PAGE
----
The thirteenth verse of the twentieth chapter of Numbers is in perfect accord with the 106th Psalm. "These were the waters of Meribah, where the Israelites quarreled with the LORD and where He showed Himself holy among them" (Num 20:13). God was "sanctified," or "made holy" among them in the punishment of Moses and Aaron -- and it was because THEY, not Moses and Aaron, "quarreled with the Lord." The "waters of Meribah," or the waters of "strife," were not so named, however, because of Moses and Aaron, but because of the ones who "quarreled with the Lord" and "provoked" Moses. The eyes of that great man of God were drawn toward the rebellious people, and the sight and sound of them moved him to speak rashly.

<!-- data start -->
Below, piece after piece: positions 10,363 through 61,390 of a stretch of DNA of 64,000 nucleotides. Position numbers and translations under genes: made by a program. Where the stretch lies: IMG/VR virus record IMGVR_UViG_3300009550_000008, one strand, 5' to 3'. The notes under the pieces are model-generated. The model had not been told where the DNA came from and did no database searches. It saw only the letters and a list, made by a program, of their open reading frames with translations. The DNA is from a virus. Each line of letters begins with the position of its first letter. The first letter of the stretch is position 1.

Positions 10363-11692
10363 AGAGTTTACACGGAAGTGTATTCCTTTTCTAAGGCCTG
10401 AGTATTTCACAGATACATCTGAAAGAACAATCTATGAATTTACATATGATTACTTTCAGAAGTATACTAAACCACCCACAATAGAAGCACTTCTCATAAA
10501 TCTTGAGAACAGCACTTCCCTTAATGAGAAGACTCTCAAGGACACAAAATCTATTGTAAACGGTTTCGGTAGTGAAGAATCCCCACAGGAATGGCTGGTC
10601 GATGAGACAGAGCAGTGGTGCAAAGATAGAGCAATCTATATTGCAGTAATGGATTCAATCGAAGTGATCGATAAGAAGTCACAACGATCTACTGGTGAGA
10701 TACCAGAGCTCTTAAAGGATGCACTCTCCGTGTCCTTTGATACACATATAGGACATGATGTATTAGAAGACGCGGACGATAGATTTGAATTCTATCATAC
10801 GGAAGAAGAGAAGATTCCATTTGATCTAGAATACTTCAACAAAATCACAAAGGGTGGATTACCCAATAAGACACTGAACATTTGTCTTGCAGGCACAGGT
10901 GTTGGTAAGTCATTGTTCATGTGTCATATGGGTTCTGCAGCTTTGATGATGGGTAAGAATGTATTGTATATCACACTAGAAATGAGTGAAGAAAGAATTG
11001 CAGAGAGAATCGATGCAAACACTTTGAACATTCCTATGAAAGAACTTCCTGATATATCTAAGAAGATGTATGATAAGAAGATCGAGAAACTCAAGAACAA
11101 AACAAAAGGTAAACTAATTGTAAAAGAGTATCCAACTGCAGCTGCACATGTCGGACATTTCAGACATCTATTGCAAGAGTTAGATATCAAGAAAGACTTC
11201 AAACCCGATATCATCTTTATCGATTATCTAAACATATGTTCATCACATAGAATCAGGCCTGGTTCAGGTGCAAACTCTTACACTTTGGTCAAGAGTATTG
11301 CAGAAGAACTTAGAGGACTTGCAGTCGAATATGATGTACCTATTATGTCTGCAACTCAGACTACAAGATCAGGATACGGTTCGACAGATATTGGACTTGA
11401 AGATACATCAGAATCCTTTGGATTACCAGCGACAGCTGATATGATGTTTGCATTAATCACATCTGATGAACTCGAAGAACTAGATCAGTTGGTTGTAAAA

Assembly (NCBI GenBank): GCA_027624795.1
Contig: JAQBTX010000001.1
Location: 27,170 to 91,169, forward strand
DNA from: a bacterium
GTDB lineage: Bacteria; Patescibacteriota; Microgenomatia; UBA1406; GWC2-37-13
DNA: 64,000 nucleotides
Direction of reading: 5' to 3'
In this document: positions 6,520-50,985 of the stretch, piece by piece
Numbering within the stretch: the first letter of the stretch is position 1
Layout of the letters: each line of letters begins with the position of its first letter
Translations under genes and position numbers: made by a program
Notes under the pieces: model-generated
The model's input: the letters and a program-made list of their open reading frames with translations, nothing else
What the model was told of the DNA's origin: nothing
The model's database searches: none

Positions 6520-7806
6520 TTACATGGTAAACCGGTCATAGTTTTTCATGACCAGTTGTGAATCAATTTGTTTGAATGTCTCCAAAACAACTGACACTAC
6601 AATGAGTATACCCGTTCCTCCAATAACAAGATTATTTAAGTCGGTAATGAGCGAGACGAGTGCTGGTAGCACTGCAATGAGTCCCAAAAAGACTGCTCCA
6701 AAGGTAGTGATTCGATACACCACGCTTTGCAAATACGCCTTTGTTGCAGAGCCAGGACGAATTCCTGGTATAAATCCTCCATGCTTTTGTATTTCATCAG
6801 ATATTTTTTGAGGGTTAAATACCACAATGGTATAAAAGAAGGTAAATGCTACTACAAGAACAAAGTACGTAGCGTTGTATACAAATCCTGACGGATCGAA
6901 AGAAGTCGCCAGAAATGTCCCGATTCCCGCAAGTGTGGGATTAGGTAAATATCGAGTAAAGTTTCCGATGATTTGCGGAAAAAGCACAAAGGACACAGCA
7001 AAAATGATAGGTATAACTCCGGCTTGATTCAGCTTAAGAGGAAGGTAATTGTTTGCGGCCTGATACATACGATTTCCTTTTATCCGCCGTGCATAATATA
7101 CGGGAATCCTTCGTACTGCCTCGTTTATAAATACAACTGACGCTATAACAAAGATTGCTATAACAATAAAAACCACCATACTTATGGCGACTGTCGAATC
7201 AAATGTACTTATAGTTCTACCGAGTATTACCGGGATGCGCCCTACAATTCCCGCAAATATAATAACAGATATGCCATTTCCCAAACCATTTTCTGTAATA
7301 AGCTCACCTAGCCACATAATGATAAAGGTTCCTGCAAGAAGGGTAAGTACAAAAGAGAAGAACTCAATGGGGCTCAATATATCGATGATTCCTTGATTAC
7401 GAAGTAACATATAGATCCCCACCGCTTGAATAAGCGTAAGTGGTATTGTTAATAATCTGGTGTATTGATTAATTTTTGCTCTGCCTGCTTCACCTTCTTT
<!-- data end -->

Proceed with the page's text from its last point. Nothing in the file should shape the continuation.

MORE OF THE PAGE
Later, the Lord called Moses into Mount Abarim to behold the land which was promised to Israel. He told Moses that after he had seen the land, he would be gathered to his people as Aaron his brother was: "for when the community rebelled at the waters in the Desert of Zin, both of you disobeyed my command to honor me as holy before their eyes" (Num 27:13-14). That command was to "Speak to the rock before their eyes" (20:8). It was then that Moses "went from the Lord's presence, just as He commanded him." But when he saw that murmuring assembly who had said "there is no water to drink" (20:5), it provoked him to anger. When those people had first spoken, he and Aaron had fallen on their faces before the Lord, "and the glory of the Lord appeared to them." But the sight and sounds of this rebellious people so provoked him that instead of speaking to the rock, he spoke to the people. "He and Aaron gathered the assembly together in front of the rock and Moses said to them, "Listen, you rebels, must we bring you water out of this rock?" (Num 20:10). He then struck the rock twice, and water, in fact, "gushed out."